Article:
Close to all of us, a magical world exists where we can experience enhanced powers, yet few of us visit there.
It is a dimension where cops see gun battles in slow motion, where the basket becomes as big as a dumpster to NBA superstar LeBron, and where a reporter on deadline has an almost out-of-body experience, watching himself complete his task with time to spare.
Some people call it being "in the zone," but I think it's more complex than that, more accessible than those fleeting performances that athletes, entertainers or on-deadline workers report just a few times in a career.
After decades of research and interviews with hundreds of scientists, psychologists, high achievers and ordinary people who have experienced this phenomenon, I call it "hyper flow." It is a mental and physical state in which we tap into our fight-or-flight system to harness its powerful hormones, such as adrenaline and testosterone, for increased focus, strength and production.
The result of this fear energy is easiest to see in physical efforts such as James' 45 points against the Boston Celtics in a playoff game this past season, and grandmother Lorraine Lengkeek fighting off -- with a pair of binoculars -- a grizzly bear mauling her husband in Montana's Glacier Park.
But it can also enhance finely tuned motor skills, such as in the case of bowler Troy Ockerman, who bowled an incredible three straight perfect games.
Hyper flow seems related to tachypsychia, a high-end oddity of fight-or-flight in which life-threatening situations seem to happen in slow motion.
I believe tachypsychia is nature's way of allowing us to see the action one frame at a time to allow us more of a chance to survive it. Many of you might have experienced this during automobile accidents.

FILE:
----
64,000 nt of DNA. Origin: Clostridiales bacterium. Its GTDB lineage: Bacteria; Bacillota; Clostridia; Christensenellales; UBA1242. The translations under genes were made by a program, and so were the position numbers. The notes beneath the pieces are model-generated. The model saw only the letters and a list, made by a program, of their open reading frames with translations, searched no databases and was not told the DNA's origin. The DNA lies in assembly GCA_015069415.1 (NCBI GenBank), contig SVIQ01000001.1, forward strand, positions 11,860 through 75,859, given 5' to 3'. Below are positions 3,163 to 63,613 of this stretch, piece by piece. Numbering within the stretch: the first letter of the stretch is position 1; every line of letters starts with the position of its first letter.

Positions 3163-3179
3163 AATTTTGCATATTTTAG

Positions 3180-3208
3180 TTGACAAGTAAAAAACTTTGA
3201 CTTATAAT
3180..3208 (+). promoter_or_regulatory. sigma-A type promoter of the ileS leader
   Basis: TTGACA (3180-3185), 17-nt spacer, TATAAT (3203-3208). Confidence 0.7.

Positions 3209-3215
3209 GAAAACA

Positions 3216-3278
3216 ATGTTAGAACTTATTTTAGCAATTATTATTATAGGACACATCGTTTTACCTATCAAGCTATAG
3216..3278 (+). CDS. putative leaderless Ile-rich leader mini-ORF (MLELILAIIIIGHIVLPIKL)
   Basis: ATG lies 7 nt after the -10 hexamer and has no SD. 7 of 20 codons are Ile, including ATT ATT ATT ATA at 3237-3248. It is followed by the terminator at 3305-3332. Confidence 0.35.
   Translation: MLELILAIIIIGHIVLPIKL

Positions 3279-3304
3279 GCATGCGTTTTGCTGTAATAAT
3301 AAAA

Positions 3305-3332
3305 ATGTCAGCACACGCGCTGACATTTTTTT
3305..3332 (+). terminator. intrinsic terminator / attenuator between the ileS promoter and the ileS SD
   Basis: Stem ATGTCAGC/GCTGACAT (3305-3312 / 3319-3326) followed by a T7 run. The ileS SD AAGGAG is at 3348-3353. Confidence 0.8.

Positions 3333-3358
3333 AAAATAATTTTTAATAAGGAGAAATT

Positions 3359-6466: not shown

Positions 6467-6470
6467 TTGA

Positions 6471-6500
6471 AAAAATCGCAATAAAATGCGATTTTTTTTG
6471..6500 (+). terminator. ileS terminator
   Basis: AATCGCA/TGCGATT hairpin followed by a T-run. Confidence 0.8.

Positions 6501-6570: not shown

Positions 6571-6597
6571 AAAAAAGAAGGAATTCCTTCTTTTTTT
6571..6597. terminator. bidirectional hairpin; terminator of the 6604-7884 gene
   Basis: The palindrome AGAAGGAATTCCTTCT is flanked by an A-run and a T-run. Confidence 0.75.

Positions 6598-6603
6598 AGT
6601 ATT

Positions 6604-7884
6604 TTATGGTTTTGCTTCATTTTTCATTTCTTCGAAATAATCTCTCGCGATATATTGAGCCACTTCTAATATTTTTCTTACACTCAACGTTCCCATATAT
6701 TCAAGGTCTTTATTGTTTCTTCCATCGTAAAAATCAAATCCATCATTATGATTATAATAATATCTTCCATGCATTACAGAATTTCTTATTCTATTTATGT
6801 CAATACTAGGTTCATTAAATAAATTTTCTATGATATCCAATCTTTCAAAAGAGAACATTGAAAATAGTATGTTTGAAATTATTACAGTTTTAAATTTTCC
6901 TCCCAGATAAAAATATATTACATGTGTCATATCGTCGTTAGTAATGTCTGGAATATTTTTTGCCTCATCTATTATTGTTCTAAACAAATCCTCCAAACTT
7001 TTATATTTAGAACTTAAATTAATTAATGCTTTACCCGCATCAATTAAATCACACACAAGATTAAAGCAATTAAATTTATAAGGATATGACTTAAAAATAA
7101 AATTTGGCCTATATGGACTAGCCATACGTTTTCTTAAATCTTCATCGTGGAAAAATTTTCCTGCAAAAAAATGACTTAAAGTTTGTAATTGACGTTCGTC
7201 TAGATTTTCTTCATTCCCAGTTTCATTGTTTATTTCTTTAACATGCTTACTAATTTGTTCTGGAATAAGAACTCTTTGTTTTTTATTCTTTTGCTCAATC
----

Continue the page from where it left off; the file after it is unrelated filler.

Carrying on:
Hyper flow does not have the powerful yet fleeting big bang of fight-or-flight; rather, it is a longer-term type of trance with lower, more optimal levels of arousal.
I think everybody is capable of evoking hyper flow in their area of expertise, as long as they have the proper training, experience and emotional management. During the moment of truth in a pressure situation, fight-or-flight kicks in automatically, but we often overreact and allow our mind/body to be flooded with too much adrenaline; we start to choke and our limbs and technique seize up.
Through the years, I have developed a formula I call the "Alliance of Emotions," which transforms fear into action and too much adrenaline into more a more proactive mix of dopamine and testosterone. It's hard to prove this formula in the lab, but an expert who believes it's plausible is Dr. Redford Williams, a neuroscientist at Duke University.
Generally, women's testosterone levels are lower than men's, yet women can summon this potent drug when they are in competition at work or defending their ego.
In the first stage of the formula, in high-pressure situations you must recognize that you are aroused. Quickly allow two or three seconds of time-out, which allows you to idle in neutral, then plug your hormones into your task, focusing on technique and dispassionate response. For this stage, you may need a cue phrase, such as "Let go." For the second stage, use something like, "Focus!" then trust yourself and your skills.